(1764–1842), commentator on nursery rhymes. A man about town renowned for his witty conversation, Ker was also a contributor to the Botanical Magazine, an editor of the Botanical Register, and author of an important study of the genus Iridaceae. His last work was the treatise An Essay on the Archaeology of Popular English Phrases and Nursery Rhymes (1834; 2d edition, 1840). Ker was interested in the decoding of nursery lore's hidden meanings rather than in its preservation, unlike James Halliwell-Phillipps, compiler of the popular anthology The Nursery Rhymes of England. Ker purported to restore rhymes to their original texts in an early form of Dutch (his own invention), then translate them back into English, which clearly proved (to his satisfaction) that they were anticlerical satires, directed principally at monks. One contemporary reviewer called the Essay “the clearest case of literary mania we can remember,” and it remains among the finest examples of this school of nursery rhyme interpretation.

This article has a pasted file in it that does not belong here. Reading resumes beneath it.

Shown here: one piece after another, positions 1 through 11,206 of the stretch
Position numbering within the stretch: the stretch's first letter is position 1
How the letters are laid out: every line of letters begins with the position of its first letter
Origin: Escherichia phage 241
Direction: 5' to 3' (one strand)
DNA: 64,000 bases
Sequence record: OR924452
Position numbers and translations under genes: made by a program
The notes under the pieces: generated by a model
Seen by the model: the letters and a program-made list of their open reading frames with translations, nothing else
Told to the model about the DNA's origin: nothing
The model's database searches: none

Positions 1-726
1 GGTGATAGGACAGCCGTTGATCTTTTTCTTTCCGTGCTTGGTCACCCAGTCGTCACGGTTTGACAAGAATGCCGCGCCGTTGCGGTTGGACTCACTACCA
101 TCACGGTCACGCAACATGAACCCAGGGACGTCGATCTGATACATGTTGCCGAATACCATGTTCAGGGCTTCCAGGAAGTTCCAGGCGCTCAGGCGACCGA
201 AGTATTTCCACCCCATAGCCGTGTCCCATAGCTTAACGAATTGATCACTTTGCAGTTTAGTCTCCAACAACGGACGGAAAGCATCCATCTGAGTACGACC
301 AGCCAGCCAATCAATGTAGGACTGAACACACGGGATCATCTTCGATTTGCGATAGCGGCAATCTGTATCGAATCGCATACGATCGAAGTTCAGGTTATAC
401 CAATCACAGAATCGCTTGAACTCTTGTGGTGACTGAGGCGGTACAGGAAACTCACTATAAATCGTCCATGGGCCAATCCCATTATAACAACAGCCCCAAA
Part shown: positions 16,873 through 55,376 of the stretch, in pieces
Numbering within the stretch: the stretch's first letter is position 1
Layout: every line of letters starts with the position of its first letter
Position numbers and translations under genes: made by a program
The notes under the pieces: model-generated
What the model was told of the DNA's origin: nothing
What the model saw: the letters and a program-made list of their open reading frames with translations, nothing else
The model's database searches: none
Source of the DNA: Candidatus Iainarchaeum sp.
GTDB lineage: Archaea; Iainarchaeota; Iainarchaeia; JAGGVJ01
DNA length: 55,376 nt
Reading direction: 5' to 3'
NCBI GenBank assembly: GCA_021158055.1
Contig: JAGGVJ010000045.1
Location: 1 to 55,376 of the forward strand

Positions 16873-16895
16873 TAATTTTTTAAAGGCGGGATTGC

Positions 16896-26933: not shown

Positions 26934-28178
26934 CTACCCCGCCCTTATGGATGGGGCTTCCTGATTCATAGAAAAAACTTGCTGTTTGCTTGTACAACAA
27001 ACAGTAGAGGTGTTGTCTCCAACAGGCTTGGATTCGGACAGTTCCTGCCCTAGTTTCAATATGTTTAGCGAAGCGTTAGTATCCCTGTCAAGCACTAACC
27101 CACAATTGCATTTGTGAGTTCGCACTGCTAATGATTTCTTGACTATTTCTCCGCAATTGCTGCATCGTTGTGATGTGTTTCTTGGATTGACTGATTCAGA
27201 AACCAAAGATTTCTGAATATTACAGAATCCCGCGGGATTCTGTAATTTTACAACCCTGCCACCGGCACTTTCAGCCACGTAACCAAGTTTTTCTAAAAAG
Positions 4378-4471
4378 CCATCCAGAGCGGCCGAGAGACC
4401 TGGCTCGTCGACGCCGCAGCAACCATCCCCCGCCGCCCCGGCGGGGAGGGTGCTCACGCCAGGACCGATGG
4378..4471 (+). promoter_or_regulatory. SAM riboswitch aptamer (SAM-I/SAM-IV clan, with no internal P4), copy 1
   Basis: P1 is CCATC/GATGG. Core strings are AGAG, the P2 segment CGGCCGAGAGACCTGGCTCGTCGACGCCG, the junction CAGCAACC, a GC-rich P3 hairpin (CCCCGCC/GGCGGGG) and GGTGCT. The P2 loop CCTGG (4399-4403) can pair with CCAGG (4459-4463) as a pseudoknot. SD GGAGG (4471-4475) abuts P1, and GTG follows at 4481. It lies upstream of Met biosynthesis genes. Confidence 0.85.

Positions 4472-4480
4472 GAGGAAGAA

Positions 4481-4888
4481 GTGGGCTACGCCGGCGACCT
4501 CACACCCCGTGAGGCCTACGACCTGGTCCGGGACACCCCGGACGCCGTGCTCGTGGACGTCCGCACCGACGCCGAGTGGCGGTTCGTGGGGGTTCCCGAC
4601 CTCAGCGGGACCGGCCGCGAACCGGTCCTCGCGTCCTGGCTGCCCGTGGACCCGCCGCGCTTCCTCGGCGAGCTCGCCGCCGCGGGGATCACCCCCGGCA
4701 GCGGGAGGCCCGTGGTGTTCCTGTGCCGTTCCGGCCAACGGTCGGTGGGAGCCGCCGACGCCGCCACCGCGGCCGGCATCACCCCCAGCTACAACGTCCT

From The Oxford Encyclopedia of Children's Literature in Oxford Reference.